Consequently, the only features of present claim 1 as construed by the board which can be regarded as not being disclosed in D13 are the ones relating to the specific construction of the filter housing and its relative arrangement with respect to the filter element and the outlet tube, ie the features "a housing (10) having first and second opposite ends and a sidewall with an air inlet opening (14) therein; an air outlet member (20) including an inner portion sized for receipt within said housing second end; an air filter element (15) adapted to be operably received within said housing (10) and to be mounted in air flow communication with said air outlet member (20)".

4.1.4. Considering that the prior art to be taken into consideration as the closest prior art for the assessment of inventive step is not restricted to air filters for heavy duty vehicles, and that D13 discloses an air filter with a radial type seal as defined in present claim 1, the board shares the opinion of the appellant that it is document D13 which represents the said closest prior art.

4.2. Technical problem

In view of the disclosure of D13, the technical problem to be solved by an air filter according to present claim 1 as construed by the board can be seen in providing, based on the indications given in D13 concerning the filter element and its interaction with the outlet tube, a complete and fully functional device for air filtration, such as eg an industrial vacuum cleaner.

4.3. Obviousness of the solution

4.3.1. Air cleaners of the suction type and more particularly large or industrial vacuum cleaners of the type referred to in D13 generally comprise a housing within which a filtering element is arranged. Dirt laden air is sucked into the housing and against and through the filtering element from the outside to the inside thereof, whereby the dirt is separated and retained within the housing. The cleaned air leaves the filter interior and the housing and flows further towards the air suction device. Such a housing will generally have parts that could be considered as first and second ends in the broadest sense.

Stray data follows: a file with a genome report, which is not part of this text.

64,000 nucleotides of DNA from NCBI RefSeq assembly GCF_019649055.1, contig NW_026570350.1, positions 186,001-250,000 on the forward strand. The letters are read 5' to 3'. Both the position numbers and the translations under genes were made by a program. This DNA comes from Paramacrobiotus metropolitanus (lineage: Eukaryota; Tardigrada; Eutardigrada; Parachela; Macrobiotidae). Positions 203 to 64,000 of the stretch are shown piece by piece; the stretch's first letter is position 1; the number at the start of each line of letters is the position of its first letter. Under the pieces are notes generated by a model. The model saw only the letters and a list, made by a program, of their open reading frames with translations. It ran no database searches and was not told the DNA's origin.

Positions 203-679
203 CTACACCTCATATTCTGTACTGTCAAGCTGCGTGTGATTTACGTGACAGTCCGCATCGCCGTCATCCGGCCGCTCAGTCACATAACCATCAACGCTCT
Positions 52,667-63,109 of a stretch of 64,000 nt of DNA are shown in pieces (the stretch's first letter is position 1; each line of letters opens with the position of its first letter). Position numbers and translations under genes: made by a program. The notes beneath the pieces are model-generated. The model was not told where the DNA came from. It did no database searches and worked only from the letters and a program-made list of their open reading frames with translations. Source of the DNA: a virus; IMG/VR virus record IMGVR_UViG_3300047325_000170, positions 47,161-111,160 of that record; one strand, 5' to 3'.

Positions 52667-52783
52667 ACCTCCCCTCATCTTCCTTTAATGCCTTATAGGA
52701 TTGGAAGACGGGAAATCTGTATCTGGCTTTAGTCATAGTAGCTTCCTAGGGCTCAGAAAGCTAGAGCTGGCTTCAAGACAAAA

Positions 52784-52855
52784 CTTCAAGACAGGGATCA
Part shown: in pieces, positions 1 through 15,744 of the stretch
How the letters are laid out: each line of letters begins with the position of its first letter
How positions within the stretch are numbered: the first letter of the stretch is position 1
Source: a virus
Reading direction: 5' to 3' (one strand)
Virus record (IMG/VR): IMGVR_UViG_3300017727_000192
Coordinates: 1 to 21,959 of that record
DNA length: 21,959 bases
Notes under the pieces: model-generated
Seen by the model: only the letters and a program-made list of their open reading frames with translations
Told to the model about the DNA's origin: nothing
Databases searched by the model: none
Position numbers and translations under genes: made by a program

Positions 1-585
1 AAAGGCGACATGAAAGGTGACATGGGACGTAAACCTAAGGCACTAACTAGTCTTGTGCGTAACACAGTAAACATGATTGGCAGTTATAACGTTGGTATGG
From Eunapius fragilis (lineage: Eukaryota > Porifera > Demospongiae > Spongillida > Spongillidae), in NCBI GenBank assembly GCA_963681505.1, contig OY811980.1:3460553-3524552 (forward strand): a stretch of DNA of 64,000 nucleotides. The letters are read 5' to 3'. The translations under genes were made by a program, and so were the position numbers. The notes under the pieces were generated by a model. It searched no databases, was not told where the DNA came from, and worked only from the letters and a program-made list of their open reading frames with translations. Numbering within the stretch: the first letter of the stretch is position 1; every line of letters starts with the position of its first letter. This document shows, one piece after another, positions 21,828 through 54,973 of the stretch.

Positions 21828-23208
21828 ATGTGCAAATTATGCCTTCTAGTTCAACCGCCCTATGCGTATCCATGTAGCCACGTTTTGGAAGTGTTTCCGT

4.3.2. The respondent has not provided arguments supportive of an inventive step based on the features of claim 1 which relate to the construction of the housing and the inlet to the housing or the combination of such features with the air filter disclosed in D13. It has essentially based its argumentation on the alleged differences in terms of the seal construction, the sealing mechanism, and the intended uses of the filters according to the present patent and D13, respectively. In view of the proper construction of claim 1 as adopted by the board (see point 2. above), these arguments cannot, however, contribute to establish an inventive step.

4.3.3. The board takes the view that in reducing to practice and completing the information given in D13, the skilled person would provide a housing with an air inlet around the radially sealed system of outlet tube and filter element disclosed therein. Arranging the air intake in a side wall, and arranging the air outlet/suction tube at one of the said two ends are mere design options which are near at hand to the skilled person. The board thus comes to the conclusion that the skilled person confronted with the stated technical problem would consider the incorporation of the system disclosed in D13 into a housing, and particularly into a conventional industrial vacuum cleaner housing, as well as the arrangement of the air inlet and outlet in the way recited in present claim, as an obvious solution of the stated technical problem.